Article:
If we try out the C++ implementation of the Bresenham algorithm, we find it has some peculiar properties.

As expected, it fails to plot lines with negative slopes (try it and see what happens). It also fails to plot lines of positive slope greater than 1 (this is an interesting case, try it also and see if you can explain what is happening).

More unusually, we find that the order in which the endpoints are supplied to this routine is significant, it will only work as long as

`x1`

is smaller than `x2`

.
In fact, if we have two line segments with the same endpoints, and the same slope, this routine may draw one of them successfully but fails to draw the other one.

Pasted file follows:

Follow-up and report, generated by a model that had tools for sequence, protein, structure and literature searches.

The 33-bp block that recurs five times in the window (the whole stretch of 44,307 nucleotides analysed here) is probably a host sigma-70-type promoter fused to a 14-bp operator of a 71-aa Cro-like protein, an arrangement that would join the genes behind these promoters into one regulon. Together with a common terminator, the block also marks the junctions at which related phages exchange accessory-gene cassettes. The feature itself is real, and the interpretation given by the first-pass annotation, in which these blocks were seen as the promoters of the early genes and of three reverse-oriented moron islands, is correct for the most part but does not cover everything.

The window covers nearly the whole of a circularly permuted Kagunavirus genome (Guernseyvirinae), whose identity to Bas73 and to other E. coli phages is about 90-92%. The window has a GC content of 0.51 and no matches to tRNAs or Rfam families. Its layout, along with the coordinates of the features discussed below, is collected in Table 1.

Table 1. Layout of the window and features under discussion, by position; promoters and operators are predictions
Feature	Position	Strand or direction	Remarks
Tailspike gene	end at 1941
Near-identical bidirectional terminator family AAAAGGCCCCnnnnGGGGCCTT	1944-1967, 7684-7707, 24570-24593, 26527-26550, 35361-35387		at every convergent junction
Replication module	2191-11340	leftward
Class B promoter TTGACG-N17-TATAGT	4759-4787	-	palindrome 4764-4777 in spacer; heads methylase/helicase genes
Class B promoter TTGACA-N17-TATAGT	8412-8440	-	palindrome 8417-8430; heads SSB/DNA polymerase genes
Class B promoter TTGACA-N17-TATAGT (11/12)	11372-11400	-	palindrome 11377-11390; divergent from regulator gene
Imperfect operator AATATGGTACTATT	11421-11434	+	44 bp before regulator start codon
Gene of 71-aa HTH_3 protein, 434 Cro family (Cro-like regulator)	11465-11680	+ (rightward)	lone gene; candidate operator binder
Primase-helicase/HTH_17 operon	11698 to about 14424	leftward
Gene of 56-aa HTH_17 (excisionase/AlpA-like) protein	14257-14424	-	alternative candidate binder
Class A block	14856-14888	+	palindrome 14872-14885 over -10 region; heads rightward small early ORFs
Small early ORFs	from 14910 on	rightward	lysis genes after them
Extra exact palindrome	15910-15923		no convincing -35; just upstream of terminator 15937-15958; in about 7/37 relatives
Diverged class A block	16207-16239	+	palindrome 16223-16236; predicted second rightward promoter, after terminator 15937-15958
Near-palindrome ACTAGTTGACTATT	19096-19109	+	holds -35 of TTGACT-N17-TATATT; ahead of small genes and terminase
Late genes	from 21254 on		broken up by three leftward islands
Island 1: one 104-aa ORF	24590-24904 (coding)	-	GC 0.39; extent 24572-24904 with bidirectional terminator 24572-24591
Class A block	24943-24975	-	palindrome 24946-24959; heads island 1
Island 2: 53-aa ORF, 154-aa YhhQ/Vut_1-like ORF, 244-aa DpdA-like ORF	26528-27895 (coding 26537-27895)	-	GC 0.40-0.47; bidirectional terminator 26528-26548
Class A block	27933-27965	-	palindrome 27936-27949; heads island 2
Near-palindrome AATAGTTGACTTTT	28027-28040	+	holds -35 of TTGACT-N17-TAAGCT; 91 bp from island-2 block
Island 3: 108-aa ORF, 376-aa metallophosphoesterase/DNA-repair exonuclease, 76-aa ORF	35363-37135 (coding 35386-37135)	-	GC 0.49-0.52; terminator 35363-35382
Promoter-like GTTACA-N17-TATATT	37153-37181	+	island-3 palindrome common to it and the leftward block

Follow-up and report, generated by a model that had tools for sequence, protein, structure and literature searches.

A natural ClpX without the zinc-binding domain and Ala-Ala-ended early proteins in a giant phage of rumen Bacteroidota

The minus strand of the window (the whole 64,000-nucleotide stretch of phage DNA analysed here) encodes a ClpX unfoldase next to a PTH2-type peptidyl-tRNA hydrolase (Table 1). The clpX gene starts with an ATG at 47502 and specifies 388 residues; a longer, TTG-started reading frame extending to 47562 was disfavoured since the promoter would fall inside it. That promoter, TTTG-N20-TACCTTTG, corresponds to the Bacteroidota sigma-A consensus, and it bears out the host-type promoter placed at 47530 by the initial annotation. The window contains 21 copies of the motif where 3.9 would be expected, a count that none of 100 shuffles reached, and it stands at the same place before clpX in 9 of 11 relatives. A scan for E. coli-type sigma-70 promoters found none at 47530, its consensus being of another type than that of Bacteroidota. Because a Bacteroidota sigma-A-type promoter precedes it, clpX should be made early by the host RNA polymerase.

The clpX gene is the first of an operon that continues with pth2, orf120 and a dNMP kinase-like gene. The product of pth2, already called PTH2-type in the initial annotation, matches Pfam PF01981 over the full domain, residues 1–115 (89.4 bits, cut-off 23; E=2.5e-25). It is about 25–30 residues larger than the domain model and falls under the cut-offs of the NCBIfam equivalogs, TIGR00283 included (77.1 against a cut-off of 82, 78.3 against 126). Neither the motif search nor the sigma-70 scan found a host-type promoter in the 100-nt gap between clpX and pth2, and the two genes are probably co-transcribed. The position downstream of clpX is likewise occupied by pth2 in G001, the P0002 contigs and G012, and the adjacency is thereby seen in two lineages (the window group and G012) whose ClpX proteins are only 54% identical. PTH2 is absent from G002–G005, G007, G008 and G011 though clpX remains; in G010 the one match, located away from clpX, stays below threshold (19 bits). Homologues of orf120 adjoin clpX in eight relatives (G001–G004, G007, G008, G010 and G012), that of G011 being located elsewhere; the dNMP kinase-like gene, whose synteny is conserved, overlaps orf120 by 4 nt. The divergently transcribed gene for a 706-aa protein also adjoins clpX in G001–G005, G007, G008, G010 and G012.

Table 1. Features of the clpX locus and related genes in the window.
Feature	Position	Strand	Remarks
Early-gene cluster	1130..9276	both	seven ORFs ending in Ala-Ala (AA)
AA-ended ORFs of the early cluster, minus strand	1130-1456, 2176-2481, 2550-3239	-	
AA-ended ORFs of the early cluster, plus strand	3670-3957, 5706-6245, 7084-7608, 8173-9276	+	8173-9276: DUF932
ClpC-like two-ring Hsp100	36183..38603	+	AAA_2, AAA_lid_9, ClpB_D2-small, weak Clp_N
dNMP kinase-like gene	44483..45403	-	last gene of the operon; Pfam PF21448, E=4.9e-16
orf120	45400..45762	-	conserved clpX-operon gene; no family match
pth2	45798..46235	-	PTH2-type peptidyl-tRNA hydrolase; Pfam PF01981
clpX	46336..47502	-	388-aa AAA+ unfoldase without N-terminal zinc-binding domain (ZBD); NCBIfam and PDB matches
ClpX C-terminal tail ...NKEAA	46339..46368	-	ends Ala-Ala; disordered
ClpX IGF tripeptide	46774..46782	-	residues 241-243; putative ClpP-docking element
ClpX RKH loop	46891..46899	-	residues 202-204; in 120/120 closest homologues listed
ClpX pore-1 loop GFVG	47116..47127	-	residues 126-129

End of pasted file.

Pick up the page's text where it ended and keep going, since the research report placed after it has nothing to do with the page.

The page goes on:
Of course, this is not surprising really, when we consider that the function works by

**incrementing***x*. It does emphasise, however, that the routine is plotting*vectors*, direction is significant. Considering all the vectors from*(x1,y1)*to*(x2,y2)*we find that there are eight regions, (the ``octants'') and the basic Bresenham algorithm works in only one of them.
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